Justin Theroux worked in Hollywood for two decades before he was given his first leading man role, in Damon Lindelof’s adaptation of The Leftovers. That seems shocking given the New York actor’s electrifying presence, chiseled good looks, and insanely shredded physique.
Now in the show’s third and final season, those assets are no longer a secret, with Theroux’s torso on display on city buses and billboards all over the world. Though always lean, Theroux was able to add dense muscle to his frame with a program built by trainer Jason Walsh of Rise Movement, who introduced him to a variety of complex movements, like front squats.
For Theroux, training with Walsh was not only a way to look good for the camera, but also a way to energize him through the long days on set filming the HBO series.
How important is fitness to you, both personally and for your roles?
Fitness is extremely important, but like anyone I almost always dread it. That being said, when I go for even short stretches without some form of movement, I find my mood and general mental health suffers. It seems antithetical, but exhausting yourself in a workout almost always pays dividends later in the day by boosting mental and physical energy. As for roles, it depends purely on what the demands are of the character. That being said, and as I mentioned before, getting in a pre-work workout is almost always a good idea prior to a long day on set.
How has your training evolved over your career?
In my twenties I almost never hit the gym, but that was mainly a result of a much more active lifestyle in New York, where I was almost always walking, on a bicycle or a skateboard to get places. So in that sense it was mostly cardio. Nowadays, I try to mostly work with simple weights, but at a clip with very short rests in between sets in an effort to get a metabolic workout while maintaining muscle.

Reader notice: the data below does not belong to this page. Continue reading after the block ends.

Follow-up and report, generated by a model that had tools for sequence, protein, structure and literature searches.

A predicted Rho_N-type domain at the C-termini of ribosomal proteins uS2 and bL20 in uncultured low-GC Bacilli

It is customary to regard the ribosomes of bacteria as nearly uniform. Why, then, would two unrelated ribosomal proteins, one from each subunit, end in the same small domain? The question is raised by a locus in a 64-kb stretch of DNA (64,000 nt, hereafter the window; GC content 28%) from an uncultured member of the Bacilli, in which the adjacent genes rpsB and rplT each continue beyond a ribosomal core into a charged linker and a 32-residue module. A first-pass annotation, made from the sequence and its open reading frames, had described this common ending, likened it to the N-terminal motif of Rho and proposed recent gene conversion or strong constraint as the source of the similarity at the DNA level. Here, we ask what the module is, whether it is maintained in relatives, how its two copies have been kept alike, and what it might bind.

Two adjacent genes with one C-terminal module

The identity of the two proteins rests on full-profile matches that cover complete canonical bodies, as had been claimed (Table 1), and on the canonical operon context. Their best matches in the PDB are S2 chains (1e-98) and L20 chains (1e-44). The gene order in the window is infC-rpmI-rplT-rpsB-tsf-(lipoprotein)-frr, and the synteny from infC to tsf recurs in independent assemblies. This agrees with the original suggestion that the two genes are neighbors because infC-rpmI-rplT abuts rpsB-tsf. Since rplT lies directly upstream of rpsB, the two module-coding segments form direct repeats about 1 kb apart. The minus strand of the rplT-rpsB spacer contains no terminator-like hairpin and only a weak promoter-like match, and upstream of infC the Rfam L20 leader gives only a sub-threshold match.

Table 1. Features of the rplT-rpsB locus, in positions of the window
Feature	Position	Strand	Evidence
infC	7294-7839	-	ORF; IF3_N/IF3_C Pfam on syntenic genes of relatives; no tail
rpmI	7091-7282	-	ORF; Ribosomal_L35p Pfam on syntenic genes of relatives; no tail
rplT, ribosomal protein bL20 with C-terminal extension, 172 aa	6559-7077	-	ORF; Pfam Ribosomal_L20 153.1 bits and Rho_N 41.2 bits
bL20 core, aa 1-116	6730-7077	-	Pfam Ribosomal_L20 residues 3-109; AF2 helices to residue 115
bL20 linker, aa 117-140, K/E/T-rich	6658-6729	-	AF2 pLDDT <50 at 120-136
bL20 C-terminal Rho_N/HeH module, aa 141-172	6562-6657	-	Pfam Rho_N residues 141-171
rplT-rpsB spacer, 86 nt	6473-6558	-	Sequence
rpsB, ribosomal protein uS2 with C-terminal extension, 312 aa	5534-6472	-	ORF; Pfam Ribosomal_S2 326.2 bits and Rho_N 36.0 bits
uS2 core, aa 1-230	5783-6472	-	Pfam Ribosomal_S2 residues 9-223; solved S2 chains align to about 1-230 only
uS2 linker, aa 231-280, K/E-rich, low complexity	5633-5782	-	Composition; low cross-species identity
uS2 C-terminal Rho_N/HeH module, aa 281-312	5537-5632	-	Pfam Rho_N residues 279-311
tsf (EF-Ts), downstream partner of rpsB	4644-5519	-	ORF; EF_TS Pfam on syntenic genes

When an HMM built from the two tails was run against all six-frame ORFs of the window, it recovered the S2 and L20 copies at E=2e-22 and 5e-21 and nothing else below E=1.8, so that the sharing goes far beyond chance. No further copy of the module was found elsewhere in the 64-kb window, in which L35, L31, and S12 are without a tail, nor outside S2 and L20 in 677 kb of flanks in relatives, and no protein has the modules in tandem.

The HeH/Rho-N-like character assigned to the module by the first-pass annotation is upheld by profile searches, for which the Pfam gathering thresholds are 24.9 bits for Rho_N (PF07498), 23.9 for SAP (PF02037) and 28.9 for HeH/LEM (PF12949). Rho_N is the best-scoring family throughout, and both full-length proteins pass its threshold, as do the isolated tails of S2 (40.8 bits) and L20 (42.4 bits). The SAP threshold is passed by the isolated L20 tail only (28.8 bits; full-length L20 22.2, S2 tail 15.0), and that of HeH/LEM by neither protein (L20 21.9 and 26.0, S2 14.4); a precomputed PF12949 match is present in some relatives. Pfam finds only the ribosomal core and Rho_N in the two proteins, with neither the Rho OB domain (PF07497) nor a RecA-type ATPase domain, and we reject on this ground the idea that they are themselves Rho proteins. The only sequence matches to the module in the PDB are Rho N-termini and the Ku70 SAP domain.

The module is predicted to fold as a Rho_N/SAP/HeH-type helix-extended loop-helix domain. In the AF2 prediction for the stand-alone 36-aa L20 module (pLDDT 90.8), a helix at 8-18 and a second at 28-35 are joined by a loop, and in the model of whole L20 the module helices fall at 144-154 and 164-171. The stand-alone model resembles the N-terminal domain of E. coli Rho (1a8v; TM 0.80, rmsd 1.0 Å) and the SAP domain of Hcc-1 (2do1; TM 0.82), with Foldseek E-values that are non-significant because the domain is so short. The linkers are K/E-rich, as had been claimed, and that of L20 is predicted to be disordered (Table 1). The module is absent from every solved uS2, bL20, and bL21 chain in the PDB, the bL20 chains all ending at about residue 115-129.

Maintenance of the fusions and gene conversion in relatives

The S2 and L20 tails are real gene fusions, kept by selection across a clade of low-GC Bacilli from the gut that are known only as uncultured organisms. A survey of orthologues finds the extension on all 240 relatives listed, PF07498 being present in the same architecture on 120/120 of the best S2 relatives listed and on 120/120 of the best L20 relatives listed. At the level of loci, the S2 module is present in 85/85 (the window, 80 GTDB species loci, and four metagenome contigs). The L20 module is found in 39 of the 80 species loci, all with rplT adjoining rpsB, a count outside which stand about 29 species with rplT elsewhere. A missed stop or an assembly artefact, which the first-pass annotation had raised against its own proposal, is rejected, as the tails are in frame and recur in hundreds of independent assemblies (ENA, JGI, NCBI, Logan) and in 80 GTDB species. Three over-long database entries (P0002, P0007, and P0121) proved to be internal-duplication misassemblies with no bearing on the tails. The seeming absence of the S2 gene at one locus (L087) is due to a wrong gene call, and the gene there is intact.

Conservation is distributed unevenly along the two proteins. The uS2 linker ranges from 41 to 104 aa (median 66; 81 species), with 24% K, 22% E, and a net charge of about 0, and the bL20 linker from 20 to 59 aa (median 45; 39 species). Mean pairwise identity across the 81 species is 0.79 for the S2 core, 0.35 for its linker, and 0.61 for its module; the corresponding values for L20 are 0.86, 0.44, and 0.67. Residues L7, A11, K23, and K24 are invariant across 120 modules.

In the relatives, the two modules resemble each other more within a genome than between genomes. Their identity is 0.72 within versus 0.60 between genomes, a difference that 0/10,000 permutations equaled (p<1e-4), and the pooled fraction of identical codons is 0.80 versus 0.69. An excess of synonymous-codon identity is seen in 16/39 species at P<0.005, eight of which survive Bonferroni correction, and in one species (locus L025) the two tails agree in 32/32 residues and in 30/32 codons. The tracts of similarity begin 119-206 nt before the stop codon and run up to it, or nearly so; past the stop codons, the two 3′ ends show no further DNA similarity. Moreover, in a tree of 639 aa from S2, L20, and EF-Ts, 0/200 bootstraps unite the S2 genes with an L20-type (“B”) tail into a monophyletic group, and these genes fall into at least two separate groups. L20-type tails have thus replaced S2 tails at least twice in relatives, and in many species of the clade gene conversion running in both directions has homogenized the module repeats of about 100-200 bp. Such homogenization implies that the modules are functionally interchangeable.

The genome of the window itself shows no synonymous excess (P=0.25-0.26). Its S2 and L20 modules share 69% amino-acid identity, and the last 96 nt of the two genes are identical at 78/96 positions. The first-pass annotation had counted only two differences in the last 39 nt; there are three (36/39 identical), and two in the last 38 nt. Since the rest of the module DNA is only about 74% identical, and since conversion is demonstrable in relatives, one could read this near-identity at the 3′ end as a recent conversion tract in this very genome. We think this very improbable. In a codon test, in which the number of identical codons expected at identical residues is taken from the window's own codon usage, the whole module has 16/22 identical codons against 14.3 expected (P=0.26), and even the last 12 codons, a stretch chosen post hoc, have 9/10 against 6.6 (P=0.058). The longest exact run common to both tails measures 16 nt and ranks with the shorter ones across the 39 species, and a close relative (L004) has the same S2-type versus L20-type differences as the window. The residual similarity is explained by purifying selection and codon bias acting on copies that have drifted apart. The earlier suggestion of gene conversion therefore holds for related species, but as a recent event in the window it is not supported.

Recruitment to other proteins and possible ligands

How strict are you about your diet?
I’m not strict. I give myself most of the things I want except sweets. If I have anything going for me, it is that I’m consistent about my eating. So if I have lapses at the gym I don’t feel like I’m starting over again. The biggest boon to my overall health has probably been the elimination of sugar, which is much harder than you think just on a practical level, as sugar is snuck into almost everything. I highly recommend sugar elimination to anyone trying to change habits. It’s a drag at first, but like anything, that craving usually goes away after a few months. I honestly think at some point we’ll be looking at sugar the same way we look at tobacco.
Are there any athletics you do in addition to your work in the gym?
I have never been very sporty, but I love to bike. Not long, torturous rides Tour de France–style, rather I like just grabbing my bike for a cruise around New York. It’s [like] the best video game [and you’re] going much faster than cars.
“Justin’s body responded to complex stresses in a tremendous way,” Walsh says. “Once he added these moves to his regime, it unlocked a whole new body for him.”
Sample Workout: Complex (by Jason Walsh)
Complete 3 sets with no rest between sets.
Sled Push: 30 seconds
Farmer Carries: 30 seconds
Banded Hip Extension: 30 seconds
TRX Shoulder Complex: 30 seconds
Complete 4 sets, with 3 minutes of rest between heavy sets (or less time if you aren't going heavy).
Straight Bar Front Squat: 8 reps
Glute Ham Raise: 8 reps
Bulgarian Split Squat (bodyweight): 8 reps, each side
Complete 4 sets, with 2 minutes of rest between sets.
Football Bar Squeeze Press: 8 reps
Land Mine Bent Over Row: 8 reps
Complete 4 sets, with no rest between sets.
Push-Ups: AMRAP (as many reps as possible)
TRX Feet Elevated Row: AMRAP (as many reps as possible)
“I stay away from diets, but I like to do a little intermittent fasting with Justin,” Walsh says. “For two or three weeks he stops eating after 7 at night, until 7 in the morning. So that is about a 12-hour fast. Then we add amino acids at night. He has a lot of success with that.”